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Outside Looking In: What Former Officers Think Could Improve Policing

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This is the fifth story in the Mountain West News Bureau series "Elevated Risk," a project powered by America Amplified, a public radio initiative.

Until recently, Logan Dailey was a deputy sheriff in rural Cherry County, Nebraska. But today, he's the managing editor and reporter for four rural news outlets and a farming business publication based in Wyoming.

"I would say both are noble professions," he said. "I mean, they're both, in my opinion, very important professions."

Dailey loves his new job, but he says certain kinds of media can poison how the public sees the police, even in rural areas. He remembers one experience he had as a cop where he saw a young boy in a town he used to patrol. 

"And I drove through one day and he put his hands up," Dailey said. 

At first, Dailey chuckled and asked the kid what he was doing. 

"And he says, 'Hands up, don't shoot!' … And this is like an eight-year-old," he said. 

Dailey asked him why, and the kid told him, "'Well, I saw it on YouTube.' And I was like, 'What did you see on YouTube?' 'Well, cops kill people.'"

The boy even knew Dailey by name. The exchange rattled him.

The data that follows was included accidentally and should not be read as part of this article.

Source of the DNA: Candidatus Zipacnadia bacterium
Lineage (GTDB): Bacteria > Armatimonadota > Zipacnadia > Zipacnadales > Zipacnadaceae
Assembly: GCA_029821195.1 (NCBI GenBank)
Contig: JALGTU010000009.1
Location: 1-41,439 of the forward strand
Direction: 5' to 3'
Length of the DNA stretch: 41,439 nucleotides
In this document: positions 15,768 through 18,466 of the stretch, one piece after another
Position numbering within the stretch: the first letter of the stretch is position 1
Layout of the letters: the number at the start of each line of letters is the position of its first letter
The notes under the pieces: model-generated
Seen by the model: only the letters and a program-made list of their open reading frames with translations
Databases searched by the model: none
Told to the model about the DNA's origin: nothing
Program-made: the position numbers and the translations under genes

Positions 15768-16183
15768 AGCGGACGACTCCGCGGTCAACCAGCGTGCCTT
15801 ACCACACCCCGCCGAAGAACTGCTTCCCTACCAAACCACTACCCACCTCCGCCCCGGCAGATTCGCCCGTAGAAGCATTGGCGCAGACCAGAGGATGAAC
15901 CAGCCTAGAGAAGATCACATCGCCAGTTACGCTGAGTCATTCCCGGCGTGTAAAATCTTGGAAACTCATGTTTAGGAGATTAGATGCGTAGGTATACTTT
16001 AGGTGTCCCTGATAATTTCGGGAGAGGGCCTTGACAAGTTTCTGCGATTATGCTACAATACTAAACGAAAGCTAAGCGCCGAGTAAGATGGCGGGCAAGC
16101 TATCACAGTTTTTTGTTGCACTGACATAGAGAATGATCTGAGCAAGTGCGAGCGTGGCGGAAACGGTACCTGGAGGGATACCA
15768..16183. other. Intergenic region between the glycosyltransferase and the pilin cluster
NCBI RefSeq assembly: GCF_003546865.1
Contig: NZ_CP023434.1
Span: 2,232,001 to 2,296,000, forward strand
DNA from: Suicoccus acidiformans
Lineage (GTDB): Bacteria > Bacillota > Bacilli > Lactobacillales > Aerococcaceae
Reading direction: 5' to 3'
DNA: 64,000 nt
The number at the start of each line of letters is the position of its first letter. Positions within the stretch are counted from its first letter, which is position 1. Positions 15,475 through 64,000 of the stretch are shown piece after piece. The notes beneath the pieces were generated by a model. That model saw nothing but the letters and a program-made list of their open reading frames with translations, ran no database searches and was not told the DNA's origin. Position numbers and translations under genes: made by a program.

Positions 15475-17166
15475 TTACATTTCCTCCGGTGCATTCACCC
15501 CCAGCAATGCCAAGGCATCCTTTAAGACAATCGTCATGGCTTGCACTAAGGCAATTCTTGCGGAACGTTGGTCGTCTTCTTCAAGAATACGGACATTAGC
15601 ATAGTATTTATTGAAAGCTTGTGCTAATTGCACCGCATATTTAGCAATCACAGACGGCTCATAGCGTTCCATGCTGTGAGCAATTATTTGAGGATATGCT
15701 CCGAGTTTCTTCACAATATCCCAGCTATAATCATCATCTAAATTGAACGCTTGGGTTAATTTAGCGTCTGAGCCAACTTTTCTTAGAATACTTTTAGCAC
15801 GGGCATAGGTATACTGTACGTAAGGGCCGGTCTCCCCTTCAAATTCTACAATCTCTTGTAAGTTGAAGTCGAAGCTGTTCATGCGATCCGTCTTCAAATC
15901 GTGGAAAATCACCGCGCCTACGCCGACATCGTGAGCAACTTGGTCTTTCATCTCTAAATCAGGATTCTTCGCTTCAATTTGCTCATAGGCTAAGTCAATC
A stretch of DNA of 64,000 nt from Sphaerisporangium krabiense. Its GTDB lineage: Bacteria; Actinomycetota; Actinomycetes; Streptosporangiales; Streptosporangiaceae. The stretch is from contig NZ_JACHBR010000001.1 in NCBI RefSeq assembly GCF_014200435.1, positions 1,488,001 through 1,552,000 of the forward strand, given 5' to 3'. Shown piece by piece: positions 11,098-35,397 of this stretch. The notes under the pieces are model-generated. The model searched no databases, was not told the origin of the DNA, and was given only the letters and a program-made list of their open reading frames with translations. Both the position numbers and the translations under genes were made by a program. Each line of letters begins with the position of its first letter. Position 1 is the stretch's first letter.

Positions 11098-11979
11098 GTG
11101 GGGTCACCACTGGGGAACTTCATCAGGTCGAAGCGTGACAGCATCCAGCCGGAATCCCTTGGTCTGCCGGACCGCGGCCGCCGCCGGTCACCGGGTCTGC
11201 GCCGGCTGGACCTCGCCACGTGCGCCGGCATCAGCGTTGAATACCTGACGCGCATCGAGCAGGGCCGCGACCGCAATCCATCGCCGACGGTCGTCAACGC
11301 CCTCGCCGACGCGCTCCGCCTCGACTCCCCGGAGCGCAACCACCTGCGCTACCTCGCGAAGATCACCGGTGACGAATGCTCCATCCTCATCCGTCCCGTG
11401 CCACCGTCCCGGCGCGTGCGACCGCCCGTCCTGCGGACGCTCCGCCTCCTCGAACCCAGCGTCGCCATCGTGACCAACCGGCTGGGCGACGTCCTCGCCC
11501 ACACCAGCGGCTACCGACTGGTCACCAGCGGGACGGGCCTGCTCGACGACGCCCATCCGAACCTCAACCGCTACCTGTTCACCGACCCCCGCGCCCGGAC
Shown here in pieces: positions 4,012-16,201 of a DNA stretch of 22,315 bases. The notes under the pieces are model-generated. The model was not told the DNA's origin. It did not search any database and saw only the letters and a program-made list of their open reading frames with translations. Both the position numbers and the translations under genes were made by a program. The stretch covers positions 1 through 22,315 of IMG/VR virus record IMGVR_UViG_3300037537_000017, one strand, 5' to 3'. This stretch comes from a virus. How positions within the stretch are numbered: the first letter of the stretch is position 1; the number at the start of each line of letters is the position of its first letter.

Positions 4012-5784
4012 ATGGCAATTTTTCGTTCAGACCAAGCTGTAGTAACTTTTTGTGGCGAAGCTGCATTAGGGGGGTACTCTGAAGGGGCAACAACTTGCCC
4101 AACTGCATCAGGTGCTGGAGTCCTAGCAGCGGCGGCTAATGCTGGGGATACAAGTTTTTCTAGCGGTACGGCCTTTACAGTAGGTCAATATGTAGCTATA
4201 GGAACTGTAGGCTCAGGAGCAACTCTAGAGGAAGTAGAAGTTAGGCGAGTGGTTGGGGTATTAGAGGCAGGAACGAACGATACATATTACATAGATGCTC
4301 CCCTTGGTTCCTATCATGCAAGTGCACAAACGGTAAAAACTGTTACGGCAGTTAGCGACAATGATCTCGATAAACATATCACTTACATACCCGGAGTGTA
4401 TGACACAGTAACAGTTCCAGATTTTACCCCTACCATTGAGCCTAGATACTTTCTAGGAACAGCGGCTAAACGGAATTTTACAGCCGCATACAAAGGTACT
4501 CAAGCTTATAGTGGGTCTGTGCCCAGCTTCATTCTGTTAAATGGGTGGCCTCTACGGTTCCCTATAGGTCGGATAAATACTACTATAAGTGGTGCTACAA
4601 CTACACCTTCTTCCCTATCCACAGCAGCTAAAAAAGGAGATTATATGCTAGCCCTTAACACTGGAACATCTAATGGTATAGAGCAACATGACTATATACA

In his new role, he hopes he can foster better communication between the police, the media and ultimately the community. He's finding some departments are more willing to talk than others, though. 

As a former police officer, he knows transparency can be tricky. He said officers are trained to protect people's privacy. 

"I don't want to break that trust, basically, that the public has in us," he said, speaking of when he was an officer. 

If they are seen as breaking that trust, "You're constantly concerned about being sued because I mean, this is America," he said. "You can sue anybody for anything."

He said more training could help with that – letting police chiefs and officers know what they can and can't say under the law. But it's not just about transparency. He recognizes that there are bad apples and they're not always dealt with. 

"I've encountered that, and I'm not saying this officer was going out and killing people, it was nothing like that. But he was overstepping his bounds," he said. "I would bring it up and say, 'Hey, this is the issue. Here's what I have.' And then nothing would happen."

Paul Taylor thinks that only focusing on individuals' bad actions isn't the best way to go, though. He said a focus on bad apples "is misguided when we look at how to really improve the profession."Taylor is a former officer and officer trainer who now spends his time trying to figure out ways to make policing safer for both citizens and officers.